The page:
CAReS Executive Director Trish Hall has found the Ashland community has a lot of Santa’s helpers.
With Giving Tree donations down, Hall again reached out to the community last week asking for help and they responded like a band of busy elves.
Volunteers stepped forward and so did some donors, including $5,000 from King’s Daughters Medical Center and $10,000 on Saturday from the Jingle Bell Ball Charity.
Carol Jean Cieraszynski, who started the Jingle Bell Ball 13 years ago, presented Hall with the check as hundreds lined up outside the neighborhood waiting for sacks full of toys and clothes for nearly 600 children.
“Once again, whatever needed to happen for us happened,” Hall said. “We were kind of up against it but not doing it was not really an option.”
Hall credited a story in the newspaper with being the catalyst for extra donations and extra volunteers.
“I had a feeling if we asked, people would step forward,” she said. “The Independent article made a difference.”
Cieraszynski usually makes the Jingle Bell Ball contribution in January but the local realtor felt like the time was right now. She started the charity in memory of her son, Curtis Nusbaum, who died of a heart aneurysm in 1997 at the age of 32. The child psychologist had committed his life to improving the lives of special needs children and was always helping others.
Her other son, Michael, attended a charity ball in Norfolk, Va., where the Marines collected Toys for Tots at the entrance.
“We don’t have the Marines but we have CAReS,” Cieraszynski said. She immediately began making plans for the firt ball in 2000 and it has been “13 successful years,” she said.
Hundreds were lined up outside the doors of CAReS 30 minutes before the Giving Tree distribution even started. It takes about three hours to get everyone their items. Individuals in need sign up in advance of the event.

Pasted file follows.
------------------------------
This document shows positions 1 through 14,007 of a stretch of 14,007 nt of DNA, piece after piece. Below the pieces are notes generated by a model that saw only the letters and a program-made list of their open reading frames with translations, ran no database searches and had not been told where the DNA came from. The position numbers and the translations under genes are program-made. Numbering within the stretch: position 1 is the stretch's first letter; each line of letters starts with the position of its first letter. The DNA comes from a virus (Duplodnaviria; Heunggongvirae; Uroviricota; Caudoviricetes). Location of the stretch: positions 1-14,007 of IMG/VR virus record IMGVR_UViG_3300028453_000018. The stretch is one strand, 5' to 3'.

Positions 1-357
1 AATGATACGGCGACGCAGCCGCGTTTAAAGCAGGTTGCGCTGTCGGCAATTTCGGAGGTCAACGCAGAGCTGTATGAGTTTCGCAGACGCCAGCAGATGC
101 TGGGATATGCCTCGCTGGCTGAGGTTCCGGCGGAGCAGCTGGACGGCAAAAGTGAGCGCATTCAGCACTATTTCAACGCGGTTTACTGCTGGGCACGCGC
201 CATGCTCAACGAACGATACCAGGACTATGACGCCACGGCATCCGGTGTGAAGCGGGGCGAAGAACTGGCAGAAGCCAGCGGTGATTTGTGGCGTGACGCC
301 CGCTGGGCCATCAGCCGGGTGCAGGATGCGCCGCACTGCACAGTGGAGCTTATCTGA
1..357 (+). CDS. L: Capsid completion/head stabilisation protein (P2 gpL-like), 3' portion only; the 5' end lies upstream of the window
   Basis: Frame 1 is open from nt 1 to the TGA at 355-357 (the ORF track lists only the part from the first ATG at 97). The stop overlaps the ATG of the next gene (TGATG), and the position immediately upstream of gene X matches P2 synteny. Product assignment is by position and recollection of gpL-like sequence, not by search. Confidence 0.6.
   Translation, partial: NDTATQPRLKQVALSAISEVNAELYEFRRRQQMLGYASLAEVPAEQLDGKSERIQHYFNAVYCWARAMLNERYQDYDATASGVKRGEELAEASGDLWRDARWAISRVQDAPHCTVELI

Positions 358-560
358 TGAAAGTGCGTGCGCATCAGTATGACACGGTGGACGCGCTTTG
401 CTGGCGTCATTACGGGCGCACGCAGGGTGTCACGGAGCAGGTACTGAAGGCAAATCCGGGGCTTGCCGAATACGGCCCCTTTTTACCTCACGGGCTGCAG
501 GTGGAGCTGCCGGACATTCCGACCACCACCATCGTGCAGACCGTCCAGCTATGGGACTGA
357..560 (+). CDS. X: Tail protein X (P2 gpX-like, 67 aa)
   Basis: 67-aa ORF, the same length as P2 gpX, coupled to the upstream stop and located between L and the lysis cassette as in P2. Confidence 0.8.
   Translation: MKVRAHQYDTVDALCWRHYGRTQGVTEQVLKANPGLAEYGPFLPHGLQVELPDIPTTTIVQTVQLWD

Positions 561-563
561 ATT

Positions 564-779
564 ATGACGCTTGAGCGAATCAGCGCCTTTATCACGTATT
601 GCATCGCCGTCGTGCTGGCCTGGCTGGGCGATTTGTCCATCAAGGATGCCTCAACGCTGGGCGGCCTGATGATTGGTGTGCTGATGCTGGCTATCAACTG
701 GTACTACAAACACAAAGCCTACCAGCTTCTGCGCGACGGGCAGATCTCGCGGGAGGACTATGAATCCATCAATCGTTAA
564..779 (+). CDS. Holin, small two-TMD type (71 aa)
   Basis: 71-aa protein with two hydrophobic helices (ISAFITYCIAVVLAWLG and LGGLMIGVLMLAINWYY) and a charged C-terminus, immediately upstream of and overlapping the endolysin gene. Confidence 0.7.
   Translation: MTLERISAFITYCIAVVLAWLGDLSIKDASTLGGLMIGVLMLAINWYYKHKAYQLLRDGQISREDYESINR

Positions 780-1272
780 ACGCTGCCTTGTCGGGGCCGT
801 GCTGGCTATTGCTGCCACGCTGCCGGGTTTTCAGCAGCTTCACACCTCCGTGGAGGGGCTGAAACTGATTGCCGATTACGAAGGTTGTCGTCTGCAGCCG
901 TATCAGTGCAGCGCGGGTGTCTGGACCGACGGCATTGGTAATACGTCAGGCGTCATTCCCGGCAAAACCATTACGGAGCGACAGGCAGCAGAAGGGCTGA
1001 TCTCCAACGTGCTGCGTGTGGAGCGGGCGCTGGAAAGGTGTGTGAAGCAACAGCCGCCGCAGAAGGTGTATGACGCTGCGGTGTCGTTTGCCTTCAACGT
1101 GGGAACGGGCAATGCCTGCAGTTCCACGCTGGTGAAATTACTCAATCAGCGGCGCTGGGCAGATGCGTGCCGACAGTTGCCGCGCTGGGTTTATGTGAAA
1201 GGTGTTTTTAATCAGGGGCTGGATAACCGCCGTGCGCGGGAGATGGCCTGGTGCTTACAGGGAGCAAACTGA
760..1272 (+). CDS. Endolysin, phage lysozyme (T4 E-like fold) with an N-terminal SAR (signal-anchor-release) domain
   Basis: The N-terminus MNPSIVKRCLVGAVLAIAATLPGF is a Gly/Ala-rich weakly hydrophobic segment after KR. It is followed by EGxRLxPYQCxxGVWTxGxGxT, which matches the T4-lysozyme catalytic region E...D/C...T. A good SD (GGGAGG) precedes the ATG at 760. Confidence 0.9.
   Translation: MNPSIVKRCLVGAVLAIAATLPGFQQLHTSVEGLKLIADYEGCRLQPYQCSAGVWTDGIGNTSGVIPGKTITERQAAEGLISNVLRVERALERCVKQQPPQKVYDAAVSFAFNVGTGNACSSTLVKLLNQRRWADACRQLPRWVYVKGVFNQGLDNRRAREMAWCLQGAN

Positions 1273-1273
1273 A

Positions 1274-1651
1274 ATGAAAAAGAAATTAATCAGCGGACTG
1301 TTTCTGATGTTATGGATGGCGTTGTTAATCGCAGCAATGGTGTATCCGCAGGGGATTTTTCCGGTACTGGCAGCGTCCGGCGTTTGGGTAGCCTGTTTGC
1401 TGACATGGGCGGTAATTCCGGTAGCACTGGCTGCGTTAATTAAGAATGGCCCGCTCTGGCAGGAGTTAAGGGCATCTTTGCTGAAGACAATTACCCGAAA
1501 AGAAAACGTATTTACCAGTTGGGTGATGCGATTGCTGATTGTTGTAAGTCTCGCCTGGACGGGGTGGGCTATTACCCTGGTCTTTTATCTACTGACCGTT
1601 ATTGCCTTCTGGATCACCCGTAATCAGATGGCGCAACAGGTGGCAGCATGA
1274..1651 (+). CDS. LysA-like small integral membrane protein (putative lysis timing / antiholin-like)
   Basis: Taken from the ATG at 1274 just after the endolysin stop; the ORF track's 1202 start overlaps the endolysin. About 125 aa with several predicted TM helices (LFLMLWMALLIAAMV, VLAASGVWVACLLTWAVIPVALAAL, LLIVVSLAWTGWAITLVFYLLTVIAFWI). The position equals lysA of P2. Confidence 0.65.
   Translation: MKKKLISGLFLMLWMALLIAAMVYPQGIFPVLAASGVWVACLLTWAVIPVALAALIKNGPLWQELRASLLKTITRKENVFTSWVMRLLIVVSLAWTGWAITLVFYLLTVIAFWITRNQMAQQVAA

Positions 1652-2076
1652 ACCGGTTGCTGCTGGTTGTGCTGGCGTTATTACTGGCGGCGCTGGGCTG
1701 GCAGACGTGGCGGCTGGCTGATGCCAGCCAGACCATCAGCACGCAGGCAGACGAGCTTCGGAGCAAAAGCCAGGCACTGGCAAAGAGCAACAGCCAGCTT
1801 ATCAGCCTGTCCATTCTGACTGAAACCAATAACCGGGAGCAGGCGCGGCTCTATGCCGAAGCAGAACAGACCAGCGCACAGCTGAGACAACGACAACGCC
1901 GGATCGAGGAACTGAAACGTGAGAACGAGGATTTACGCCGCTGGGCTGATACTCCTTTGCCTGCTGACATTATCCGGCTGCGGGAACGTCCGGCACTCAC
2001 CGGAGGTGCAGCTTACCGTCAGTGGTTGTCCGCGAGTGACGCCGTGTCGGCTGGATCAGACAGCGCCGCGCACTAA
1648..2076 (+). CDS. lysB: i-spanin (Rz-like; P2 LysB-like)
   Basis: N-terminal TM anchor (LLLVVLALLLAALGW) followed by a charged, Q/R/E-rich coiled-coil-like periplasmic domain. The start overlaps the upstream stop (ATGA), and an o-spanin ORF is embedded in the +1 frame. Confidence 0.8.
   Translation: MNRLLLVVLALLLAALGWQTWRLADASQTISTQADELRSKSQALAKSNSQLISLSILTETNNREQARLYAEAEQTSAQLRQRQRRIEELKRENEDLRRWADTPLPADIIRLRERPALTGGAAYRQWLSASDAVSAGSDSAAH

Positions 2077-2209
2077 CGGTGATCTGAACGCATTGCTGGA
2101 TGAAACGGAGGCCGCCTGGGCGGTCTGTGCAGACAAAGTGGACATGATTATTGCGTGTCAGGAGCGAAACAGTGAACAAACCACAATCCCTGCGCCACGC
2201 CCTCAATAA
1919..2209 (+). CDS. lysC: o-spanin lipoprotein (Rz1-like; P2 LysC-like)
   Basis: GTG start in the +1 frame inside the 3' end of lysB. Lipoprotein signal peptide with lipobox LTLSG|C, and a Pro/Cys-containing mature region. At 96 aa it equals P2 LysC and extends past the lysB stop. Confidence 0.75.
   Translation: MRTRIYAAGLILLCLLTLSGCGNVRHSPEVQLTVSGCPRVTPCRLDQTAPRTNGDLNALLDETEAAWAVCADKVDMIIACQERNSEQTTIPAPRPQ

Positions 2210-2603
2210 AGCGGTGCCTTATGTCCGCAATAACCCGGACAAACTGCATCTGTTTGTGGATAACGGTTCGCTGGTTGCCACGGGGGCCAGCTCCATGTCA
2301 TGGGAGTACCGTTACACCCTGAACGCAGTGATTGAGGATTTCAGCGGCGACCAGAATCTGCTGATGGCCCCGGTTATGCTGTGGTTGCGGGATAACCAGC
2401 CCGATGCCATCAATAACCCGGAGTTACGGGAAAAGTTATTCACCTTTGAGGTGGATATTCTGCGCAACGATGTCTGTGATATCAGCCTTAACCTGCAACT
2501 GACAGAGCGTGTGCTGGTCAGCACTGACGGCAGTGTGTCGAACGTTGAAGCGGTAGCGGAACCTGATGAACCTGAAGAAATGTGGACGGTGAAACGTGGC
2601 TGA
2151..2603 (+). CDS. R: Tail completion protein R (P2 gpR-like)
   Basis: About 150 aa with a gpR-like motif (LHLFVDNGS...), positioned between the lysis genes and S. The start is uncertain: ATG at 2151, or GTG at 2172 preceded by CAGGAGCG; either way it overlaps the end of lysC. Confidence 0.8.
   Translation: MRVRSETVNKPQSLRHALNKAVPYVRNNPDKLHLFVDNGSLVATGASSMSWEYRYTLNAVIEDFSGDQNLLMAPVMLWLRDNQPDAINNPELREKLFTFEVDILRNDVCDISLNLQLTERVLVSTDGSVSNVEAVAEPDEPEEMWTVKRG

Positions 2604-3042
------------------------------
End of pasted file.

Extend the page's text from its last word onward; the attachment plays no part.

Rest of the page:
“It’s all about the kids,” Cieraszysnki said. “I was there as a child. I went without Christmas myself a few times. That shouldn’t happen. I know the feeling. These kids need hope and to know that people care about them.”
Several volunteers were stationed in different places as the doors opened to the hundreds on 25th Street and Carter Avenue. The well-organized distribution plan left those receiving the gifts with smiles and some tears. As one woman waited for her package, tears were streaming down her face.
Ashley Traylor, a former VISTA worker with CAReS, has continued working as a volunteer for the Giving Tree. This was her fifth one. “The Giving Tree is in my blood,” she said. “We are helping put a smile on the face of 596 kids. To me, that’s a blessing. God has been over this entire Giving Tree.”
Cieraszynski and Teresa Wright-Powers, who was over the Silent Auction at the Jingle Bell Ball, also gave a shout-out to Fannin Motors for allowing the use of their building for the ball.
“We are so grateful and thankful to Chris Fannin for all that they do in this area,” Wright-Powers said. “So many people just see them as so big, but they do a lot. I know we appreciate all they do for us. They shut down their building from Wednesday to Saturday for us. They go above and beyond.”
MARK MAYNARD can be reached at email@example.com or (606) 326-2648.